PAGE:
“We know they had trouble on the tennis court,” says Seena Hamilton, who founded the prestigious Easter Bowl tennis tournament for junior players in Miami and who was acquainted with the family. But, she adds, the profile of Jose Menendez as a demanding, pushy father fits that of the parents of dozens of talented tennis players; the behavior of such parents verges “on the edge of child abuse.” “If, indeed, that was a cause for murder,” Hamilton says, “we would have wholesale slaughter in the U.S. in the juniors.”
“It makes you feel sad about the American dream,” says a family friend. Hard work, ambition, looking after your own--"It’s what they tell you to do, and (Jose) did it. Then this happens.”
The boys took much of Jose’s advice to heart. But there were signs of rebellion beyond the tennis court, and in the two years before the murders, the friction between Jose and his sons worsened as the brothers engaged in behavior not usually associated with model kids. Lyle was suspended from Princeton for plagiarism in the first term of his freshman year; Erik was accused of committing burglaries one summer. And Lyle clashed with his parents over his problems at school, over his girlfriends. It was not easy, the boys sometimes confided to friends, to be a son of Jose Menendez.
JOSE MENENDEZ’S STORY BEGINS in Cuba, where he was the child of well-to-do business people and star athletes. When Fidel Castro came to power, his parents shipped their 16-year-old son to America, where he lived in the attic of a cousin’s house in Hazelton, Pa.
Commanding and supremely confident even as a young man, a star swimmer in high school, Menendez won an athletic scholarship to Southern Illinois University in Carbondale, where he wooed a vivacious beauty queen from Oak Lawn, Ill. Mary Louise Andersen was a blond communications major nicknamed “Kitty.” Friends saw her as glamorous and a trifle mysterious. She rarely talked about her past, perhaps because she was ashamed of having come from a broken home, and was a bit of a quiet rebel. Once, Kitty purposely scandalized the small town of Watseka by painting the town in a skin-tight black dress and a white wig. And if some people were shocked when she began seeing this young man from Cuba, she just smiled.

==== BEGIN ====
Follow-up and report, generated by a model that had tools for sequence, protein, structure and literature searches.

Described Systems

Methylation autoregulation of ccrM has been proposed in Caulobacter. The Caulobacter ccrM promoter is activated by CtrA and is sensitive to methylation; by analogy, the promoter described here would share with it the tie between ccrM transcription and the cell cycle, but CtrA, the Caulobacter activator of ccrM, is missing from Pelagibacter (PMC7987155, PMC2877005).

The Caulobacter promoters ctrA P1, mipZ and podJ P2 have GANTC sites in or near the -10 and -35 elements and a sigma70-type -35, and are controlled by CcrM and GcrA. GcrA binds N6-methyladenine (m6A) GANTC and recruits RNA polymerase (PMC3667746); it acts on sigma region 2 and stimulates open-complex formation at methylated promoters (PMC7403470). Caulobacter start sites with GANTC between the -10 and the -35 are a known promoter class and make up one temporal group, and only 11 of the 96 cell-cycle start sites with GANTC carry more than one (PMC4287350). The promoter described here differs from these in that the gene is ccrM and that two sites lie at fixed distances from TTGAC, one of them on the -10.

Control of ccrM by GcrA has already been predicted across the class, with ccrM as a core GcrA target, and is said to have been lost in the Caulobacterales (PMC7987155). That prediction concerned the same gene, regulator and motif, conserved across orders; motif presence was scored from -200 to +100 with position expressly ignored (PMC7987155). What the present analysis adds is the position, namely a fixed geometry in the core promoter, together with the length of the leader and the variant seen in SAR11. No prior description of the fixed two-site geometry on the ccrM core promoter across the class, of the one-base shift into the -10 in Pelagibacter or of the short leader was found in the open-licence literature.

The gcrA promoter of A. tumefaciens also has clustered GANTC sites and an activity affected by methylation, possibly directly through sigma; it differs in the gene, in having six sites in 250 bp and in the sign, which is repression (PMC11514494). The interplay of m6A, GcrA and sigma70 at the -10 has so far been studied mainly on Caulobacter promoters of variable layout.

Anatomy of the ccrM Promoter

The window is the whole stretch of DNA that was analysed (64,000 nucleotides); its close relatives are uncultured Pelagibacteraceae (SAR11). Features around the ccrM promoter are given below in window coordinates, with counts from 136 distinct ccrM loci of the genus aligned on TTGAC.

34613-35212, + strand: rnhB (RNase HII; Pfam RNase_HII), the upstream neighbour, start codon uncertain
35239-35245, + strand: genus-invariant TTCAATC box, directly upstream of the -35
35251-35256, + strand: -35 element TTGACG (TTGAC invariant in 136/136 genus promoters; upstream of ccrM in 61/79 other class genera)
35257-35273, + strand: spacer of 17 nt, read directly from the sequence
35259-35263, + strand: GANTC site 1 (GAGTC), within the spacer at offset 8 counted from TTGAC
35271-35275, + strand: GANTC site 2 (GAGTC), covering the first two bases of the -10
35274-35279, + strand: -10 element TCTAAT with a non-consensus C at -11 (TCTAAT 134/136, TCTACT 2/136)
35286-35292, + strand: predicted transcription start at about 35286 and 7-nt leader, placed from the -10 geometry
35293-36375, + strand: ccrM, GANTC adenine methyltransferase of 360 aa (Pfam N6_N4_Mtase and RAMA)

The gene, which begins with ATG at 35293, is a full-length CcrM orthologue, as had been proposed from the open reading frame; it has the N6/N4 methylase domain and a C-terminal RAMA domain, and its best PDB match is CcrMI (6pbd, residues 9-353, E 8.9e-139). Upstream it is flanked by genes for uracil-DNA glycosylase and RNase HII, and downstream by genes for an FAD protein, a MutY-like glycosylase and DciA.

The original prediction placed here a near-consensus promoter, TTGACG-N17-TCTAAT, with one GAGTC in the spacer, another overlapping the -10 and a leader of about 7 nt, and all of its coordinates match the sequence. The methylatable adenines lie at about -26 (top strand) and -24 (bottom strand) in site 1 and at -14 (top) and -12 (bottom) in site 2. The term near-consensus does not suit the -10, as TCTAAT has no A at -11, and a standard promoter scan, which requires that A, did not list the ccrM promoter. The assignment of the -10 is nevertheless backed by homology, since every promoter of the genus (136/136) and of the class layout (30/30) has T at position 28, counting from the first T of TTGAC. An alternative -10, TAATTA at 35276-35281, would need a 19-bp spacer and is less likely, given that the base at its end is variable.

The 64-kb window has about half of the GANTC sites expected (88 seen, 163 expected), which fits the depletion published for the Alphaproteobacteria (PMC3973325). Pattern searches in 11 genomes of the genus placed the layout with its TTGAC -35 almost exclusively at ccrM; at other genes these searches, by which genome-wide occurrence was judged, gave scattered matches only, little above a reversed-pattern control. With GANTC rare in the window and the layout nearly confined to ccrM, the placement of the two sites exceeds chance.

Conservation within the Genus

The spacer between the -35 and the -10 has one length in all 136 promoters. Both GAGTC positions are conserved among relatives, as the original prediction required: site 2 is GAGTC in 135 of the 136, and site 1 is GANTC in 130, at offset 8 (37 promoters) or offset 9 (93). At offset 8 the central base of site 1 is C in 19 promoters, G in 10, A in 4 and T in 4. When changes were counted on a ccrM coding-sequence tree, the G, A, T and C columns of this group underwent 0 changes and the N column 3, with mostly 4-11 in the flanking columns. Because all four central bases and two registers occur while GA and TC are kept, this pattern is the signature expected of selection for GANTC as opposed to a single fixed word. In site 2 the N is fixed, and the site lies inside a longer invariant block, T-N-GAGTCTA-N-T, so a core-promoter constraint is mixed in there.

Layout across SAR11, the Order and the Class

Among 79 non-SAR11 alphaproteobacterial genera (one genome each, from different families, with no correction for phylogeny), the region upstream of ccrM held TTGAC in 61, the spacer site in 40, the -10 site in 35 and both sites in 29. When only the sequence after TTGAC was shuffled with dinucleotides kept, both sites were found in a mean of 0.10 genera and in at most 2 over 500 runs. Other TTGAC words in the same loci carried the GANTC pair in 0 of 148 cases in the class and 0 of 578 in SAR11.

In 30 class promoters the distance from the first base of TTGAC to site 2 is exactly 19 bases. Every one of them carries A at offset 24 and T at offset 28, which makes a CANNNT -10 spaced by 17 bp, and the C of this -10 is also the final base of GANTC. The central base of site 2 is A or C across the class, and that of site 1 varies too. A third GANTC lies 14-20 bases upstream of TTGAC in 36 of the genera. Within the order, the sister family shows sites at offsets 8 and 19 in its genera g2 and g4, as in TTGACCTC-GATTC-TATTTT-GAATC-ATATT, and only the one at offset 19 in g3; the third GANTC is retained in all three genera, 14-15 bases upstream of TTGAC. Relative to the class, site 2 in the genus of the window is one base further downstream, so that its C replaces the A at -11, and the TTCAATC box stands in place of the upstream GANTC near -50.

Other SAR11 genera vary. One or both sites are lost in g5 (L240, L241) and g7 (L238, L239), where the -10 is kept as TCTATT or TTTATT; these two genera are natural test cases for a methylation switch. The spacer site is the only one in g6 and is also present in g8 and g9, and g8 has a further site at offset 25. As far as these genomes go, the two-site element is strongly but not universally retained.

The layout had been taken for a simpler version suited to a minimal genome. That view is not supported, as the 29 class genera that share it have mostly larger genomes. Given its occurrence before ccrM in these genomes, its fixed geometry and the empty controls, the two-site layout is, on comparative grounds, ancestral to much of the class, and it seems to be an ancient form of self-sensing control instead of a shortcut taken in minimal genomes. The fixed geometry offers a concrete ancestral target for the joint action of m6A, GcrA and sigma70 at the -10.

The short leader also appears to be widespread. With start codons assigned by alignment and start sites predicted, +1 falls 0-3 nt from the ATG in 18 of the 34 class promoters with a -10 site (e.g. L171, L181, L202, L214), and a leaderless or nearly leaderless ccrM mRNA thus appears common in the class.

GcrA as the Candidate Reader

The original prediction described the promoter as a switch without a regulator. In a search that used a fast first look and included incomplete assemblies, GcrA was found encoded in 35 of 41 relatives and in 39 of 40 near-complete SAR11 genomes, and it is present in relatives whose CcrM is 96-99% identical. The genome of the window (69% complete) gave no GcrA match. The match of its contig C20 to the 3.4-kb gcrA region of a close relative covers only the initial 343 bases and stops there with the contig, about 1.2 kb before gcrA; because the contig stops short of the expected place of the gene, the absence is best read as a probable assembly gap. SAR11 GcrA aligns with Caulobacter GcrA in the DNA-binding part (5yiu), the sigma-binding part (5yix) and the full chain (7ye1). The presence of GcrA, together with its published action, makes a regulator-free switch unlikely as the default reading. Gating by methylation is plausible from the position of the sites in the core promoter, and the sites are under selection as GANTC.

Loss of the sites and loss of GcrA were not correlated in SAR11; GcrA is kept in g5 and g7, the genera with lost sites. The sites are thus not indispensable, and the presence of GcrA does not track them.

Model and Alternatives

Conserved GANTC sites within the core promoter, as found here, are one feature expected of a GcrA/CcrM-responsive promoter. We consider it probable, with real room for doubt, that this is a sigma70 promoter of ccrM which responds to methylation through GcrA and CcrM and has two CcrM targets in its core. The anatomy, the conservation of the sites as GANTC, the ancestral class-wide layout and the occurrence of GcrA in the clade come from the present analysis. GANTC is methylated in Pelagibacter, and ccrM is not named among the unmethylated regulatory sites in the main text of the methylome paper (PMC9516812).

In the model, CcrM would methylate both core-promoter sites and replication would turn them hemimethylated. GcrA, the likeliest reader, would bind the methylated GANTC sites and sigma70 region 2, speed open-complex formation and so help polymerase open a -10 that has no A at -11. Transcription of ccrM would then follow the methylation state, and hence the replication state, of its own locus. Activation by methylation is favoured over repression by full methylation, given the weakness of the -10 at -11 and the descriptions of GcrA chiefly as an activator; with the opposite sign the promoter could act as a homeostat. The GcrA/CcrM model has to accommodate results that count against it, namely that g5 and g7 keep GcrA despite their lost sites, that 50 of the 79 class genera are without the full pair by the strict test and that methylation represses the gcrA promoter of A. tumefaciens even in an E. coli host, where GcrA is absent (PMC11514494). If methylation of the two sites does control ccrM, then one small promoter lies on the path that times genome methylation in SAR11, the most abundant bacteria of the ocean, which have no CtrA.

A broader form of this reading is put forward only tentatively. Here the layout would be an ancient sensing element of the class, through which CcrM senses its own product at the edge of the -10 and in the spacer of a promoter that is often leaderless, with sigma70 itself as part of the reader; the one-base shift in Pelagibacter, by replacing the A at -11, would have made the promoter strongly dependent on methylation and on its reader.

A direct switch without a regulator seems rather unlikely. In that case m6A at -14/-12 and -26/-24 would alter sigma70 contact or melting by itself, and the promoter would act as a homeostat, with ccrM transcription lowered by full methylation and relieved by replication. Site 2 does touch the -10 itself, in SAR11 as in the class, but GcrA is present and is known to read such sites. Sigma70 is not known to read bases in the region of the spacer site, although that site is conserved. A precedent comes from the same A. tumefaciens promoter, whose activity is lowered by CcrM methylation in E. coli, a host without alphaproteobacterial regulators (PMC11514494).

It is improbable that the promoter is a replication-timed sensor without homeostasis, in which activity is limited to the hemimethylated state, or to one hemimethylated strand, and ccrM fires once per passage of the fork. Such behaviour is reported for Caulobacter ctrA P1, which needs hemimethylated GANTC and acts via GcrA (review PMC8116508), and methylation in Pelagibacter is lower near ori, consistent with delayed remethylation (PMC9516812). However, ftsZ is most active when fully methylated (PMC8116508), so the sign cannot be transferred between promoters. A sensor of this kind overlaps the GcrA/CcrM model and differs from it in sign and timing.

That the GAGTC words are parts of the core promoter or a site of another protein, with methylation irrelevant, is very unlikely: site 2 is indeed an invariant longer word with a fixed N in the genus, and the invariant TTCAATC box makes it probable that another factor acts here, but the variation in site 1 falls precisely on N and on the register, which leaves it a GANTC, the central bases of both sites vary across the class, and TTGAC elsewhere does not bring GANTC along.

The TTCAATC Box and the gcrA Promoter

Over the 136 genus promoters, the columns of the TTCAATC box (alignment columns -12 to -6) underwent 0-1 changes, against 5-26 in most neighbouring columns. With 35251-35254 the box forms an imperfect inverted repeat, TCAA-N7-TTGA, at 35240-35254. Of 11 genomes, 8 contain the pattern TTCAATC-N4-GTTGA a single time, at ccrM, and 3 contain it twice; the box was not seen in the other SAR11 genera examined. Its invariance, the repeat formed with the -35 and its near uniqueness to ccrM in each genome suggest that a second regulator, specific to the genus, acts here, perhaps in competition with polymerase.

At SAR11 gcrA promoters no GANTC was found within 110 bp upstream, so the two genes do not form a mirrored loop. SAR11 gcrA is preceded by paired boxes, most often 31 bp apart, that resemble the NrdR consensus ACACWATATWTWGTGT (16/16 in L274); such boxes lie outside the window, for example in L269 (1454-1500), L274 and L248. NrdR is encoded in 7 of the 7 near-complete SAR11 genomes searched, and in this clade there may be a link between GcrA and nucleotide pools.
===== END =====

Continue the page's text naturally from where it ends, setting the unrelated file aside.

Kitty, who was two years older than Jose, fell for the charming, good-looking man, even though they were from vastly different worlds. “All of a sudden, she was hit by a bulldozer,” says Jo McCord, Kitty’s roommate at the time. Menendez’s family thought he was too young to get married, but he wrote that “if I’m old enough to live on my own at 16, I’m old enough to get married at 19.”
The couple married in 1963 and moved east, where Menendez transferred to Queens College in New York and washed dishes at the 21 Club while he earned an accounting degree. David Inerfield, one of his teachers, recalls Jose as an ambitious, struggling student who “would batter me for a better grade.”
Later, he was no different in the business world, developing a reputation as a tireless worker with a quick mind and an ability to solve problems. His first job was at the prestigious accounting firm of Coopers & Lybrand. Lyon’s Container Service in Illinois was so impressed by the suggestions he made while doing its books that it hired him away to be comptroller; three years later, he was the company’s president. And by the age of 35, he had been named executive vice president in charge of U.S. operations at Hertz, an RCA Corp. subsidiary.
About a year later, in 1980, the company, after checking to see whether he could get along with a less-buttoned-down crowd, put him in charge of its record division, RCA-Ariola. Menendez ultimately directed worldwide operations as chief operating officer--at a salary of $500,000 a year. He developed a reputation for being more prepared than anyone else. “His attitude was, ‘I’m a winner. I’m going to take this dog company and make it No. 1,’ ” says John Mason, an entertainment attorney and close friend. Though that never happened, Jose was responsible for expanding the company’s Latin music line and helped to sign notable groups such as Duran Duran and the Eurythmics.